NEISD and various other districts are experiencing faculty shortages after a nation-wide rise in COVID-19 cases. They have taken action by raising substitute teacher pay. Regardless, schools have been welcoming new faces.
Blake Ash, a recent graduate from the University of Texas at San Antonio, just became a substitute and is hoping for a career at the secondary school level.
“The reason I took the job was because I wanted to become a teacher and I heard this is a great way to get in,” Ash said. “I just graduated college last December at UTSA with a Modern languages: focused in Japanese major. I’m planning on teaching Japanese, but also planning on getting certified in other subjects like ESL, hopefully English, and PE maybe.”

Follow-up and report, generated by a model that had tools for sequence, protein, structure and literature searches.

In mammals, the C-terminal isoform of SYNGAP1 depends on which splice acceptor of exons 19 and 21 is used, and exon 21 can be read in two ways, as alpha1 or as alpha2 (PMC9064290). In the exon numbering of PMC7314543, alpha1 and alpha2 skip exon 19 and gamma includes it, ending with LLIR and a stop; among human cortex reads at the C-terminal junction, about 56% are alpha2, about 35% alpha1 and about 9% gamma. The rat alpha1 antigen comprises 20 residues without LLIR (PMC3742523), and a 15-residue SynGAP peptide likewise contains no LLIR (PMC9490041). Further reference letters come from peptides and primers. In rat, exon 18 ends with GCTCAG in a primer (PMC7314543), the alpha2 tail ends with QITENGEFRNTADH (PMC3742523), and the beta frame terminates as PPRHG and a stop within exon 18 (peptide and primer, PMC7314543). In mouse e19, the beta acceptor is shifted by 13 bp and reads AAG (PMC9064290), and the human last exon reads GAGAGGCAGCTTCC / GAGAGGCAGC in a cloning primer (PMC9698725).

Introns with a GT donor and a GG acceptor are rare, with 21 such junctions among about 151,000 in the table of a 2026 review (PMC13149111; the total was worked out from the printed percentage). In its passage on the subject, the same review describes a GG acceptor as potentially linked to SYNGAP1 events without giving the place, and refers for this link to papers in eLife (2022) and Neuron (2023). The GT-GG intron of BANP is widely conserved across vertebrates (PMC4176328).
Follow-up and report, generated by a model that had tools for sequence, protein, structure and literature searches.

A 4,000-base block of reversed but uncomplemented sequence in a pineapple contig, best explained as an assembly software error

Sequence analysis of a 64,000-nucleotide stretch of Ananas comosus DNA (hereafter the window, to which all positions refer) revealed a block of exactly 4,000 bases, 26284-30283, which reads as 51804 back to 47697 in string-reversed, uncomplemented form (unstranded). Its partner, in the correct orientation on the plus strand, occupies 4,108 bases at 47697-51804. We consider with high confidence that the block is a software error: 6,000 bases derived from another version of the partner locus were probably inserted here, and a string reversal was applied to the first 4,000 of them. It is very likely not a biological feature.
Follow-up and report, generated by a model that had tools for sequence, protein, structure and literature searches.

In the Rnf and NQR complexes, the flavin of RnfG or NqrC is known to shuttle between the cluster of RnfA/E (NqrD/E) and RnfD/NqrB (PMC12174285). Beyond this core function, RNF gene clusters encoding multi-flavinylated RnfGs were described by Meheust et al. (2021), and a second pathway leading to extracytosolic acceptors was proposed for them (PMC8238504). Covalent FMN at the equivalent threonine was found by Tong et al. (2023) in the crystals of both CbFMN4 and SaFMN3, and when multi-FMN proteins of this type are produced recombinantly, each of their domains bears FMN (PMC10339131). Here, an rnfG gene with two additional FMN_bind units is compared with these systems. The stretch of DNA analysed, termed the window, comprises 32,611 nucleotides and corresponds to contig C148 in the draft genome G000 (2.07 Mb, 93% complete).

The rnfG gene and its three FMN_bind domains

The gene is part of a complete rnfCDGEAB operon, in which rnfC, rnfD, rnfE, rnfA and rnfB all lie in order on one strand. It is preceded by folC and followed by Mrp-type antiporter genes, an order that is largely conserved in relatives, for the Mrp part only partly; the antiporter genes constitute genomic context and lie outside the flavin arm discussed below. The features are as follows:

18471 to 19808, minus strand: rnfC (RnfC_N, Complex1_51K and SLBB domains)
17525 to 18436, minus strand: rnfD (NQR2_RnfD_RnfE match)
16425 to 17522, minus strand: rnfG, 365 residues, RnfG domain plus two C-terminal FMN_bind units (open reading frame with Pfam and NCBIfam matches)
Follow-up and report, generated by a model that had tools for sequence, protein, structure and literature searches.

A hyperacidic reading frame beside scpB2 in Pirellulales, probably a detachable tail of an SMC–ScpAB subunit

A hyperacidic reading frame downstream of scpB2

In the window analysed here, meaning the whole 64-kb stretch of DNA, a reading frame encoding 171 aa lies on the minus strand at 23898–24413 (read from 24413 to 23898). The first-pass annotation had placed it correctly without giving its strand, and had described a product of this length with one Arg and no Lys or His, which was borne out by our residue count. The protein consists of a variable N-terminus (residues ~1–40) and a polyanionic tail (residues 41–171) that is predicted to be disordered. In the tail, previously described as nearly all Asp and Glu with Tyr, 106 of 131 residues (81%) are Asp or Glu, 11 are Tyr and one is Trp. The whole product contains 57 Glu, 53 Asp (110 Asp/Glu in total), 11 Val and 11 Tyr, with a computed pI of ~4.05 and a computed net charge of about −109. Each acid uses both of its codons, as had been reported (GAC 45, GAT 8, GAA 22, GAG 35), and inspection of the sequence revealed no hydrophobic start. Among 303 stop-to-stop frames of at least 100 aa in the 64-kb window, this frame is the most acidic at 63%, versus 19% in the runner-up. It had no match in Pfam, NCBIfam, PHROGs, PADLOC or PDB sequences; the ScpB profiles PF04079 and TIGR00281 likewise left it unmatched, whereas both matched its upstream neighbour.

Even with a rapid influx of new subs, the district is remaining consistent in background checks.
“The application process, I don’t really know how many weeks or months it took but my experience was pretty quick,” Ash said. “It was actually relatively quick, after I got everything in, they got back to me pretty quickly,” Ash said.
Still, Ash has found his experience substituting more welcoming than challenging.
“Everything is pretty smooth, the biggest challenge was finding a job in this system specifically; usually they kind of go really quick,” Ash said. “So far, after college, the most nerve racking thing I have experienced is just kind of getting back into the high school life, but this time as a substitute teacher instead of a student.”